Please feel free to contact me with your continued questions on this matter.

On the Job, Scope of Practice

Breaking News on Epic

It had been brought to my attention that the standard electronic health record (EHR) software product of Epic Systems Corporation did not permit medical assistants to enter orders into it unless the software was specially customized.

Yesterday I spoke with Stirling Martin, senior vice president of Epic.  He informed me that Epic’s EHR product allows users to configure the authorizations to enter data as they think best.  Mr. Martin assured me that Epic’s software permits medical assistants to enter orders into it if the user authorizations are set up properly.

Please contact me if you have any questions.

Scope of Practice

CMS and “Licensed Health Professionals” Language

On February 23 the Centers for Medicare & Medicaid Services (CMS) published a Notice of Proposed Rulemaking regarding Stage 2 of the “Meaningful Use” of Electronic Health Record (EHR) Technology.

The American Association of Medical Assistants is concerned about language in Stage 1 of the rules because it seems to limit to licensed health professionals the entry of information into the computerized physician/provider order entry (CPOE) system. This language is being interpreted (wrongly, in my opinion) as prohibiting physicians from delegating to medical assistants the entry of physician-approved information and orders into the CPOE.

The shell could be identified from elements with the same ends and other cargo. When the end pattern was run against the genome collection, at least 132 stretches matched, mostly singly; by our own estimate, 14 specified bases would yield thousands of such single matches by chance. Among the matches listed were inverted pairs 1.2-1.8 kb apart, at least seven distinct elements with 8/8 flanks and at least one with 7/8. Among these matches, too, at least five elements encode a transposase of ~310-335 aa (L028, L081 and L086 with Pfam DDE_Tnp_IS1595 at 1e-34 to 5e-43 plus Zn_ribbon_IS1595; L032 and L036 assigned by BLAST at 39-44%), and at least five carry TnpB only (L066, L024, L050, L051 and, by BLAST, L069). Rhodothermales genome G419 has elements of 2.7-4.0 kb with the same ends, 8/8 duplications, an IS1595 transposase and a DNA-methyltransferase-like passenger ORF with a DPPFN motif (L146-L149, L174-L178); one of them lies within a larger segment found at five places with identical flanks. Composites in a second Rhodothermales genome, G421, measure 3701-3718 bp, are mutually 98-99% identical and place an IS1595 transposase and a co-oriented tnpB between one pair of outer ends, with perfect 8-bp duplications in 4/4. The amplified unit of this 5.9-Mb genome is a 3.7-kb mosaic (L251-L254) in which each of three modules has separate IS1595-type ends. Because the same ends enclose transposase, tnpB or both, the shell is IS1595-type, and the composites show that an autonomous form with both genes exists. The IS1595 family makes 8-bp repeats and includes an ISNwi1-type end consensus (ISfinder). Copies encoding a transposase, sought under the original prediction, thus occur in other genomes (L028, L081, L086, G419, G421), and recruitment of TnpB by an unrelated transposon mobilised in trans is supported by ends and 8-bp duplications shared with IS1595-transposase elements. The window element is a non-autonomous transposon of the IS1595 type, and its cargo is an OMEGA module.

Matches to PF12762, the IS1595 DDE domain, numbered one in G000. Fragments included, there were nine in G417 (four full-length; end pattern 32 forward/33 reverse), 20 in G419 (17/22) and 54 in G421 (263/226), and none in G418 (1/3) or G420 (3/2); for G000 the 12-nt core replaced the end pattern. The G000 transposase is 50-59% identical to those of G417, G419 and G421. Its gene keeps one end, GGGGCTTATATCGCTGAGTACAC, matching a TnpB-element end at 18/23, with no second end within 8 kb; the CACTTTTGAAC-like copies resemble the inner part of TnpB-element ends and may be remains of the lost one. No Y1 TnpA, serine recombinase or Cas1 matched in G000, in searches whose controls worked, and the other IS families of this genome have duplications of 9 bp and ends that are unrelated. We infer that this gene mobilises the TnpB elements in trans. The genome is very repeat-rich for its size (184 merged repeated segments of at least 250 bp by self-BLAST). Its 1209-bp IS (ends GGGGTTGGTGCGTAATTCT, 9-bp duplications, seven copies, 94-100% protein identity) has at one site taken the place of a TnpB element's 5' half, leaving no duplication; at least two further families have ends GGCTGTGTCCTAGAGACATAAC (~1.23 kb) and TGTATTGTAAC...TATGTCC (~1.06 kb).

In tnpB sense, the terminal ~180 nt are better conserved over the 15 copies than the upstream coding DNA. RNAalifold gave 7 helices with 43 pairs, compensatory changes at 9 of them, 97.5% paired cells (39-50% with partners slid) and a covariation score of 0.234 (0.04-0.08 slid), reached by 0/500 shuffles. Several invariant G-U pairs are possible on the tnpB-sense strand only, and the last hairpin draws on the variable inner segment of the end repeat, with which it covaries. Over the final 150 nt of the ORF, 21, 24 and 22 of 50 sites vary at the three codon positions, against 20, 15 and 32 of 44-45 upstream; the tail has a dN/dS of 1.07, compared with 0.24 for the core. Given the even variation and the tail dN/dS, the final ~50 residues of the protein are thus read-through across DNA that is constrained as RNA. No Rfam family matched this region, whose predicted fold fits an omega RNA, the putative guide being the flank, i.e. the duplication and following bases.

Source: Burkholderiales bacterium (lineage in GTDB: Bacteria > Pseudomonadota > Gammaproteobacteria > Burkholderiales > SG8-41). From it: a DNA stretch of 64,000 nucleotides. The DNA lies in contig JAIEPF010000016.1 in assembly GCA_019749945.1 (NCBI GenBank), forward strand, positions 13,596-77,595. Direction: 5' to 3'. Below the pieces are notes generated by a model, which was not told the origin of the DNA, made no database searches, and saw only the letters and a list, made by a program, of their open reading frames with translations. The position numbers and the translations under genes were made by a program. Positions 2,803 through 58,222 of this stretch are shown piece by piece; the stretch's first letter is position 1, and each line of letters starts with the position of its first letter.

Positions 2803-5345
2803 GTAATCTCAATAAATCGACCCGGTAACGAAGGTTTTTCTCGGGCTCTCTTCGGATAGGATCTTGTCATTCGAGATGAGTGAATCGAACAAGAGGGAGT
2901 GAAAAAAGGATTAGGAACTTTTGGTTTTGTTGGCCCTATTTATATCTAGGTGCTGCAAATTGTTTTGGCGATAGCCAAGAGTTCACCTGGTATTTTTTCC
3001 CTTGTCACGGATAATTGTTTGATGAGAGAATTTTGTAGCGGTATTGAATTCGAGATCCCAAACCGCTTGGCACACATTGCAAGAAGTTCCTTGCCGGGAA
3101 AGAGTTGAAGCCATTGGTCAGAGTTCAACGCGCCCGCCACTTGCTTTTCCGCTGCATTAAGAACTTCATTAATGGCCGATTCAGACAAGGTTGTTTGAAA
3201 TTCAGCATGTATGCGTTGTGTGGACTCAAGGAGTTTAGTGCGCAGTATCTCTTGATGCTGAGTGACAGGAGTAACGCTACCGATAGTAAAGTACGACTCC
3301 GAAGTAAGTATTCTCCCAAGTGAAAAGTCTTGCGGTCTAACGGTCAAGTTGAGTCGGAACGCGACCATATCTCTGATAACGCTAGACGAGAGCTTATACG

The request for comments on the proposed rule for Stage 2 offers the AAMA an opportunity to protect the medical assistant’s right to practice. Perhaps partly in response to my below letter of December 23, 2011, CMS has included the following language in the NPRM:

With this new proposal, we invite public comment on whether the stipulation that the CPOE function be used only by licensed healthcare professionals remains necessary or if CPOE can be expanded to include non licensed healthcare professionals…

The AAMA Board of Trustees and I will continue to protect the medical assistant’s right to practice in this important area. I will keep you informed through posts to Legal Eye and articles in CMA Today.


December 23, 2011

Elizabeth S. Holland
Director, HIT Initiatives Group
Office of E-Health Standards and Services
Centers for Medicare & Medicaid Services
U.S. Department of Health and Human Services

Dear Ms. Holland:

I am writing on behalf of the American Association of Medical Assistants (AAMA), a professional society based in Chicago, Illinois, with over 28,000 medical assistant members throughout the United States.

The AAMA took note of the following language in the Final Rule on Medicare and Medicaid Programs; Electronic Health Record Incentive Program, published in the Wednesday, July 28, 2010 Federal Register:

(f) Stage 1 core criteria for eligible hospitals or CAHs [Critical Access Hospitals]. An eligible hospital or CAH must meet the following objectives and associated measures except those objectives and associated measures for which an eligible hospital or CAH qualifies for a paragraph (b)(2) of this section exclusion specified in this paragraph:

(1)(i) Objective. Use CPOE [computerized provider order entry] for medication orders directly entered by any licensed healthcare professional who can enter orders into the medical record per state, local, and professional guidelines. [Emphasis added.] (pages 44568 and 44569)

(1)(i) Objective. Use computerized provider order entry (CPOE) for medication orders directly entered by any licensed healthcare professional who can enter orders into the medical record per state, local, and professional guidelines. [Emphasis added.] (page 44570)

The American Association of Medical Assistants has studied the following comment and response on page 44332 of the Final Rule: